I don't want my readers to worry when we miss a day's post. Our second day in Clearwater Beach Florida was a long one. By the time we anchored the boat for the night, I was too tired to blog.
There were three things we had to do on our last day. Laundry was one. There was a laundry just one block north of the free city docks. However, it turns out it was a full service laundry. It didn't take me long to figure out letting someone else do the work might be worth the money. Besides, it's the only laundry on the island.
While that was being taken care of, we found a little breakfast place that was dog friendly. We had a nice breakfast out on the patio. my lovely wife did a little shopping on the way back.
After picking up the laundry, we motored across the bay to the other free city docks. My lovely wife had some packages to mail and we reprovisioned at a Publix. Then it was back across the bay again to the northern city docks. We treated ourselves to a beer and hot wings at Cooters. The town docks are only open until 10 pm, so we had to anchor out in the bay again.
Today we finally left Clearwater and headed down the ICW. It was a great day of sailing. We were even able to sail down “The Narrows.” It's a tight area and is heavily built up. Three times bridges had to be opened for us to pass through with our sailboat mast.
I refueled the sailboat. We'd used 4.4 gallons of gas in 9 days. Even at marine fuel prices that was less than $20.
Currently,we are anchored near St. Petersburg Florida. It's not the best anchorage, but darkness comes quickly. It's windy, but protected from the worse of the chop. Better a less than perfect anchorage than sailing in the dark through busy waterways. Besides, we aren't going too far until the Bridge Masters come back to work in the morning.
There are small craft warnings for Saturday. My lovely wife and I plan on a short day's travel. We think we found a protected spot with beach access for the dog. Sunday the weather is supposed to be better, so we'll cross Tampa Bay then.
We finally said goodbye to Calidesi Island. It was on fire when we left it. The park was doing a controlled burn. I'm too sure how how controlled it was, as there was an awful lot of smoke. We had a good last night there. Another couple invited us over for pizza and drinks at their boat. Great conversation.
Clearwater beach was not that far as the crow flies, but with all the convoluted channels and shallow water, it's much further by boat. The town has free day use docks, which we made good use of. It was less than ½ mile to the CVS where my lovely wife was supposed to pick up her prescriptions. Of course, the most important one had not been called in.
By then we were hot, tires, thirsty and hungry. Using Google Maps on the iphone I found a nice dog friendly restaurant called Cooters. We sat in the shade. They brought water for Brownie. I drank three tall glasses of ice tea. The food was pretty good. Thus fortified, my lovely wife was able to make a number of phone calls and rattle some chains. A nurse I knew way back in high school was able to get hold of a doctor and get the info faxed to the CVS. Now my wife has 2 months of meds, so we won't have to deal with this for a while.
The boat is anchored in the heart of Clearwater Beach. There's expensive homes and big hotels all around us. However, we might have the best view on the water.
Tomorrow, we head to more free docks and resupply at a Publix. Then we might actually do our laundry. We've gotten by using a bucket, but we aren't quite keeping up. It's kinda weird to be in the middle of a city, but we'll use the services while we are here.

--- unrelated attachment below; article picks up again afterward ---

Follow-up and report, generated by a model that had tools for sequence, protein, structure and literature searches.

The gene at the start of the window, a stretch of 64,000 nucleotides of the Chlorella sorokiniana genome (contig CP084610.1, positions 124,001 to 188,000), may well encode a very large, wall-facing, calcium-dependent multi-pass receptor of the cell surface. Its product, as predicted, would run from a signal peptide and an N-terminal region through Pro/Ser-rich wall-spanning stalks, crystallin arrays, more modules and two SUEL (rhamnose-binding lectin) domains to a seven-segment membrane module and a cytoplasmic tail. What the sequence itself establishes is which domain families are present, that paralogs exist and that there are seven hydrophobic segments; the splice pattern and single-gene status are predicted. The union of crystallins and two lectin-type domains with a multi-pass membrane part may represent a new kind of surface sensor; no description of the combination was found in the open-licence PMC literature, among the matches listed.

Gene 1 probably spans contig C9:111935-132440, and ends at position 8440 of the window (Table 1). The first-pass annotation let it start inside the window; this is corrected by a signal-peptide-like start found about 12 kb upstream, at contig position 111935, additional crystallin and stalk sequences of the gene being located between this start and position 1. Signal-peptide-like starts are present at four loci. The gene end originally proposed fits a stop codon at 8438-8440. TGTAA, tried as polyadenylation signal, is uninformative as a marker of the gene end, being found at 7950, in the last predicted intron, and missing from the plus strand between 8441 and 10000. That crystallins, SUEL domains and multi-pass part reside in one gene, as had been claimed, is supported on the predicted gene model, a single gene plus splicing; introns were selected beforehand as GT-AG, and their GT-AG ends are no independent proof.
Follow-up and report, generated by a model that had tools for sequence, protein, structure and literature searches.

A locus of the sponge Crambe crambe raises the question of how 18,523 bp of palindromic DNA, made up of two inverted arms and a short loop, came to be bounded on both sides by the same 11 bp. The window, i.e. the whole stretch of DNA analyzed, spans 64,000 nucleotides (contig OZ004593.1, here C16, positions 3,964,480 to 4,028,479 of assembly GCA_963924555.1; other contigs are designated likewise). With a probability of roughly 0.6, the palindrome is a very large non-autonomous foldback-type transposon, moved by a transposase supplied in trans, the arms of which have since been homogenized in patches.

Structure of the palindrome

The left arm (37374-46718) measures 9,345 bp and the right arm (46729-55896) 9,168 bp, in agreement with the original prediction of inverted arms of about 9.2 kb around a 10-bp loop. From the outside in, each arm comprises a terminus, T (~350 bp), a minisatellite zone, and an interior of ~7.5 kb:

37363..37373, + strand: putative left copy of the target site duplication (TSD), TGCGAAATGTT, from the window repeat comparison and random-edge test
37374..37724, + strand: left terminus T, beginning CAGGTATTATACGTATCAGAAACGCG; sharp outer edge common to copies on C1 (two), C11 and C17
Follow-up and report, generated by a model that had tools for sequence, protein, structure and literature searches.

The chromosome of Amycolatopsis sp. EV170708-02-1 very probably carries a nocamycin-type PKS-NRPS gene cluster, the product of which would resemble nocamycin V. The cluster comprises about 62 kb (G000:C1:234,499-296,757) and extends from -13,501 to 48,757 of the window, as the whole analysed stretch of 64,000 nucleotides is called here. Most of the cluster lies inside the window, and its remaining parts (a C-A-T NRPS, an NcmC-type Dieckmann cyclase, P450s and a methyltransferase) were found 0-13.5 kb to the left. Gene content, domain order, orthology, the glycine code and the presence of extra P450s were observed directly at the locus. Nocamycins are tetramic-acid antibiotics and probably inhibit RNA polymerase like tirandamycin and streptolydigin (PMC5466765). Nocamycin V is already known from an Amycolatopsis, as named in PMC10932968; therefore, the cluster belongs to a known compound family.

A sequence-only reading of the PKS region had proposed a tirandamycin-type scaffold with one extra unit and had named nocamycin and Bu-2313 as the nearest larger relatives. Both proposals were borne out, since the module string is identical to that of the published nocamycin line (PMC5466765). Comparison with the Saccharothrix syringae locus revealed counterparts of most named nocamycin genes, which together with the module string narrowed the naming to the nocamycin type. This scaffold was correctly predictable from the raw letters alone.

Night exposure of city lights from a rocking boat.
Every day we are one the water, we learn more about this lifestyle.
I inflated the kayak. My lovely wife, Brownie and I took it for a little spin. The Sea Eagle 420 is a pretty stable platform. All of us were able to get in and out of it without going for a swim in the process. That's no small feat. I'm a very big dude.
The dog was a bit hesitant at first, but soon she warmed up to the whole thing. We went down the channel and into the sound, but I didn't feel like paddling against the wind all that much. Instead, we poked around the mangroves a bit. Lot's of bird life.
There's a name for husband and wife teams in a tandem kayak. They are called divorce boats. There are arguments over who's throwing the boat out of balance. The Sea Eagle is so stable that isn't an issue for us. Another big argument is over the paddling rhythm. I believe my lovely wife's solution is to let me do most of the paddling. I'm cool with that.
We don't plan on going on any expeditions with this boat. The main idea is to have something to use as a tender. It should work out for the relatively short distances involved.
I did go for a swim, but at the beach like everyone else.
It's not all fun and games. My lovely wife is working her way through bureaucratic hell trying to get her prescriptions filled. We located a pharmacy near public boat docks. I thought that would be the hard part. No the hard part is getting her home doctor's office to get their act together. We travel all the time and this one of those things that doesn't stay fixed. People and rules change. It's always a challenge to do this by phone.
We'll figure it out. At any rate, we plan on heading down the coast. This island is a little slice of paradise, but we have Gypsy blood. We've got to go find the next adventure.
This is going to get boring. Not for me, but for my readers. My friends might not believe it possible, but I've gotten even more laid back.
Winds are a bit strong for my liking and the water a bit rough. We could sail in it, but our planned anchorage spot would be very bumpy. Why bother? The marina here is protected and there's stuff to do -or not do. Your choice. One nice thing about all the wind is that the bugs are long gone. They haven't bothered me all that much, but my lovely wife is a bit itchy.
Two more nights here and we'll move on. The boat is ready to go. Water containers have been refilled and we could leave in minutes. For a while there I thought we might head out in the afternoon. Once I checked with NOAA and caught the marine forecast, that was all I needed to see. No sense suffering for nothing.